Posts Tagged ‘Kobe’
I find the Sannomiya Train Station and its environs very interesting for photography. From photos of the station and its trains to various entertainment venues and other attractions in the area, it makes for a variety of subjects worthy of a photo or two. As you know if you follow my blog, I like taking photos of trains.
In these particular shots, I liked the contrast between the burgundy exterior of the trains to the calm green of the interior upholstery.
The photos were taken with a Nikon D700 and 14-24mm f/2.8 zoom lens.
Lat month I spent a few days in Kobe, Japan. Kobe has recovered from the disastrous 1995 earthquake and in fact the quake area has been rebuilt. Kobe does not have the dynamism of Tokyo or nearby Osaka but is interesting in its own right. There is a certain intimacy that is endearing.
Photos taken with D700 and either the 14-24mm f/2.8 zoom lens or the 80-200mm f/2.8 lens.
Several weeks ago I picked up the highly acclaimed Nikkor 14-24mm f/2.8 zoom lens. On a full frame camera like the Nikon D700, the wide angle junkie can attain Nirvana for its field of view (fov) in a non-fisheye lens. Now sometimes, amateur photographers think of ultra wide angles (UWA) and landscapes in the same breath. However, UWAs are very useful in shooting photographs where the subject is closer, such as in this series of photographs recently shot in Kobe, Japan.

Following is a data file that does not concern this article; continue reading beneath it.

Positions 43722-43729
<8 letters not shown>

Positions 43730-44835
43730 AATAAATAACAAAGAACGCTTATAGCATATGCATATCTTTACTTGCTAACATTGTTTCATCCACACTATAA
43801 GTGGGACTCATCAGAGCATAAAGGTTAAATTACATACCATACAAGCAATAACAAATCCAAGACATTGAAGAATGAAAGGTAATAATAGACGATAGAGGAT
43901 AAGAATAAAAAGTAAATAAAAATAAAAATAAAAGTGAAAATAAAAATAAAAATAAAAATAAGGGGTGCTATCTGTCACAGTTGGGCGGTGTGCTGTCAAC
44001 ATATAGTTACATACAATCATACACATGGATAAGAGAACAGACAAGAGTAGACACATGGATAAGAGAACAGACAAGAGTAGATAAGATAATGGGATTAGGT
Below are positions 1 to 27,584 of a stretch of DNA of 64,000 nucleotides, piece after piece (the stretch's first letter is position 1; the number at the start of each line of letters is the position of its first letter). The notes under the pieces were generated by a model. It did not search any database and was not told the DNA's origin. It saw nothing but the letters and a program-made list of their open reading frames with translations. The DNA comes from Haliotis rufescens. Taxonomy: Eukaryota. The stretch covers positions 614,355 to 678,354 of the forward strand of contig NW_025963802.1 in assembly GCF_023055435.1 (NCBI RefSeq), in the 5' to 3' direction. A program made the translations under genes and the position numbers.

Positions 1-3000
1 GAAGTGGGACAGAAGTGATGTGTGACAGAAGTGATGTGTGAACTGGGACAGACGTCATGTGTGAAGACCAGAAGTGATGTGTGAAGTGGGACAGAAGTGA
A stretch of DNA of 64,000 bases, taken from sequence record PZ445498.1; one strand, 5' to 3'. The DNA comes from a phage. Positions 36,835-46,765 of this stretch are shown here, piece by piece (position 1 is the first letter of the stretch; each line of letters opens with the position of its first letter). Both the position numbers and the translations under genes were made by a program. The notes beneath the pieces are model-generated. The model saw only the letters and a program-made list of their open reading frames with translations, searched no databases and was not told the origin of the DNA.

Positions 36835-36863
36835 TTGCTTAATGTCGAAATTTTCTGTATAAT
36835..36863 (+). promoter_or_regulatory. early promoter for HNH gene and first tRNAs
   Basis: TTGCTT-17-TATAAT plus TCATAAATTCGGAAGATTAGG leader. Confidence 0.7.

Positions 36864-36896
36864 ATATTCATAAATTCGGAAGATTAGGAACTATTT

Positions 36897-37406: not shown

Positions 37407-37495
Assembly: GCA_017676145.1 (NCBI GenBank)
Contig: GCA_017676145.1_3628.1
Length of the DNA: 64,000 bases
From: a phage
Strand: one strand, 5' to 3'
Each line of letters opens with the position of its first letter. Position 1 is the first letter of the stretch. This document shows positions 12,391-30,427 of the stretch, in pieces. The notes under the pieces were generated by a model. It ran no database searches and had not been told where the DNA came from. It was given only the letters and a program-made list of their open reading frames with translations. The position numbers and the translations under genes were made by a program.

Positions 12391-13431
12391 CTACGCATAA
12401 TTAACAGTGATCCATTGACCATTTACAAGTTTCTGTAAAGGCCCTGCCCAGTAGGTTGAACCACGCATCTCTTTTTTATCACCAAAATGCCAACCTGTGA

This lens is considered the reference standard for wide angle zooms. And for good reason. The resolution is phenomenal with a sharpness in image that almost unmatched. Edge to edge image quality at a f-stop of 11 is quite sharp. However, at wide open or near wide open, the lens yields bokeh that is pleasing. These photos were shot at focal lengths from 14 to 24mm.
Downside? The lens is huge, with a bulbous front element, for which there is no filter.
Photos shown are uncropped and taken with a Nikon D700 and Nikkor 14-24mm f/2.8 zoom lens.
One of the advantages of the Leica Noctilux 50mm f/1 is its ability to gather the last bit of light in less than ideal conditions. Of course it’s also known for being one of the world’s fastest lens with an ability to create an image similar to a painting, and, of course, its “bokeh”. In these particular photos, I’m relying on its low light capability. Not so much in the first photo but definitely in the last two where the conditions were very dark with some background light to isolate the beautiful girl.
The Noctilux has some deficits. It can have a problem with back focus, the lens is not needle sharp at wide open and it can be difficult to focus. However the results can be worthwhile.